All six people accused of falsely imprisoning former Tánaiste Joan Burton in 2014 have been found not guilty
The Tánaiste has denied there was any "government agenda" in regards to the Jobstown trial after all six accused were found not guilty.
Solidarity TD Paul Murphy and five others were alleged to have falsely imprisoned former Tánaiste Joan Burton and her adviser Karen O’Connell during a water charges protest in Jobstown, Dublin in 2014.
The prosecution had alleged that the women were trapped inside two garda vehicles when protesters surrounded them as they tried to leave.
Earlier today the jury in the trial had asked the court to replay some video footage of the demonstrations.
This afternoon, following three hours of deliberation, jury members cleared all six accused.
They returned to a packed court room just after 12:15pm this afternoon.
Mr Murphy was the first of the six accused to learn he had been found not guilty on both counts.
The unanimous verdict was met with loud cheers and applause.
The huge crowd descended into silence as his five co-accused were also cleared of the charges - but the room erupted again when the foreperson was finished delivering the verdicts.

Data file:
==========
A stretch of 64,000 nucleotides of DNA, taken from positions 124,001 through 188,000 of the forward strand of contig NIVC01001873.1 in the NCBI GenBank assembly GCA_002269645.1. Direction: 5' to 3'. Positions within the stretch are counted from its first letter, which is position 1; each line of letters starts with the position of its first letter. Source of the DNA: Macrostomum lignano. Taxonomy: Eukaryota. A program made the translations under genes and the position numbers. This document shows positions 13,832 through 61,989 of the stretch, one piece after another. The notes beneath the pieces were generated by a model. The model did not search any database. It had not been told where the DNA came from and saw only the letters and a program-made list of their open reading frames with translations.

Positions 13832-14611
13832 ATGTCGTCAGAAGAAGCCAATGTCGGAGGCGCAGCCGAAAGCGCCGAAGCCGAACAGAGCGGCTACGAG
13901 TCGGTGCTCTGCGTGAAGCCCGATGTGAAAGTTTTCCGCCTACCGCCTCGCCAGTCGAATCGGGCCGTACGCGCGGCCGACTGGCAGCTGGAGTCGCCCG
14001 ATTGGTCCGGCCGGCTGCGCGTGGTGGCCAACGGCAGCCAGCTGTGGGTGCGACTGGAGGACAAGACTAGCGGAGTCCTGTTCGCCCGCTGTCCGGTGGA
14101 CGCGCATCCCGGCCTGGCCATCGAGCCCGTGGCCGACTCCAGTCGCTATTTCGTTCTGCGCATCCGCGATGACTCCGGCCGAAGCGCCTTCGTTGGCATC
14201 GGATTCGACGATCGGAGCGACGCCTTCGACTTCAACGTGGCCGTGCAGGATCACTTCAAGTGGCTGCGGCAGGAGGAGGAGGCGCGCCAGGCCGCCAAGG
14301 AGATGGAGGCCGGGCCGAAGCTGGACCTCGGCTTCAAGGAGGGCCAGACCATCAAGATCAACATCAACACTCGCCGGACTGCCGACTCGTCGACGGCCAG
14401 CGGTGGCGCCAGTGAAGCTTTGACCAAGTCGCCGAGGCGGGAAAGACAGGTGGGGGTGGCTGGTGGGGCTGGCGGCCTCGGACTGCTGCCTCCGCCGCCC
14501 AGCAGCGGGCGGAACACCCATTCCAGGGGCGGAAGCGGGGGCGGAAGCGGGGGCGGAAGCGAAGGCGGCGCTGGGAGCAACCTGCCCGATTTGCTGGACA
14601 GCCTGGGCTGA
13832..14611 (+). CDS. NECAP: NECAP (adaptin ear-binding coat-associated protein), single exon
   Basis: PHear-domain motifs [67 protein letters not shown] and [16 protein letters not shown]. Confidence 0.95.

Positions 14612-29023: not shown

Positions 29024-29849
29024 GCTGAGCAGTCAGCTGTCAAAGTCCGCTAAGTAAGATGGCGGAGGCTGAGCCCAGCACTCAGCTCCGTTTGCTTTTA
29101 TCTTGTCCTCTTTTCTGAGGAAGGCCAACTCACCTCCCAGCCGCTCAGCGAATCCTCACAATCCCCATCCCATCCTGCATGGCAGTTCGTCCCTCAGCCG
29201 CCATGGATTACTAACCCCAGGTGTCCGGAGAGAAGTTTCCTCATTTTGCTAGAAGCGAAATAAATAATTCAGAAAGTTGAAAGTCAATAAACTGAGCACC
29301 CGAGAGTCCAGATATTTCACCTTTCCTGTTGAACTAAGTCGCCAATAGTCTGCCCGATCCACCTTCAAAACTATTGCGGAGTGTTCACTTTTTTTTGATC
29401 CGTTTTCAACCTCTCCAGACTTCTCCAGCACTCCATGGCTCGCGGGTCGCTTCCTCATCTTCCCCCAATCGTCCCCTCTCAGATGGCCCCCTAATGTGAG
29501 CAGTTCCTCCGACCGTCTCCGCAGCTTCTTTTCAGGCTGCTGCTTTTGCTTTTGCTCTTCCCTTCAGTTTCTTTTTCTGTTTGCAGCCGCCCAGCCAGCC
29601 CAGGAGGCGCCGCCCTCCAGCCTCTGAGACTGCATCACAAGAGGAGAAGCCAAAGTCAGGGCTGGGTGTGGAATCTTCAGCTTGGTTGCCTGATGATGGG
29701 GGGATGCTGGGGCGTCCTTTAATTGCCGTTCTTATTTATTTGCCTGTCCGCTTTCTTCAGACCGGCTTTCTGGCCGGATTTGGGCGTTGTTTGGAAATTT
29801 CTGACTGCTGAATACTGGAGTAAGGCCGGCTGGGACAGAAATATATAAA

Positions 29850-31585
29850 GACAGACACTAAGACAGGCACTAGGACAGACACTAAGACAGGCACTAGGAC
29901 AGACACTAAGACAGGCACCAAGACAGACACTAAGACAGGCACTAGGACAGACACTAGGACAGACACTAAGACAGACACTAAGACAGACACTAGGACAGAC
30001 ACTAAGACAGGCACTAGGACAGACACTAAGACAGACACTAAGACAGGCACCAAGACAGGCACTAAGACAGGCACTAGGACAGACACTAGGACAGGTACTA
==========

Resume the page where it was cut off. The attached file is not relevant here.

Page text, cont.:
Speaking outside the court following the verdict, Mr Murphy gave this reaction:
“We would very much deeply like to thank all of our legal teams who, from all of our solicitors, our junior council our senior council played a really exception role from the very start of the trial of exposing the hypocrisy, the lies, the empty promise of Joan Burton to the Guards, who were exposed in terms of the lies that they told,” he said.
“I would also like to thank all of the trade unions, trade union branches, trade unionists who supported us.
“All the different TDs, senators, MEPs who came down to support us, councillors etc., and everybody here in particular I would say.”
Speaking in the Dáil following the verdict, the Tánaiste Frances Fitzgerald said it was "quite simply untrue" to suggest any vested interest in the running or outcome of the trial.
However Solidarity TD Mick Barry called for all outstanding charges relating to the Jobstown protest to be dropped.
He said the acquittal of the Jobstown Six was a "stunning defeat" for the TDs on the government benches:
“The political establishment in this country wanted to create a powerful chill factor - a powerful warning - against anyone who would engage in serious protest against government, against austerity and against the anti-working class agenda,” he said.
“You have failed.”
Barry wants to know if the Tanaiste can deny a criminal conspiracy to convict the Jobstown Six. She says "justice takes its course"— Gavan Reilly (@gavreilly) June 29, 2017
A large media presence gathered outside the Dublin Circuit Criminal Court as the six accused left the court as free men.
Additional reporting from Frank Greaney and Gavan Reilly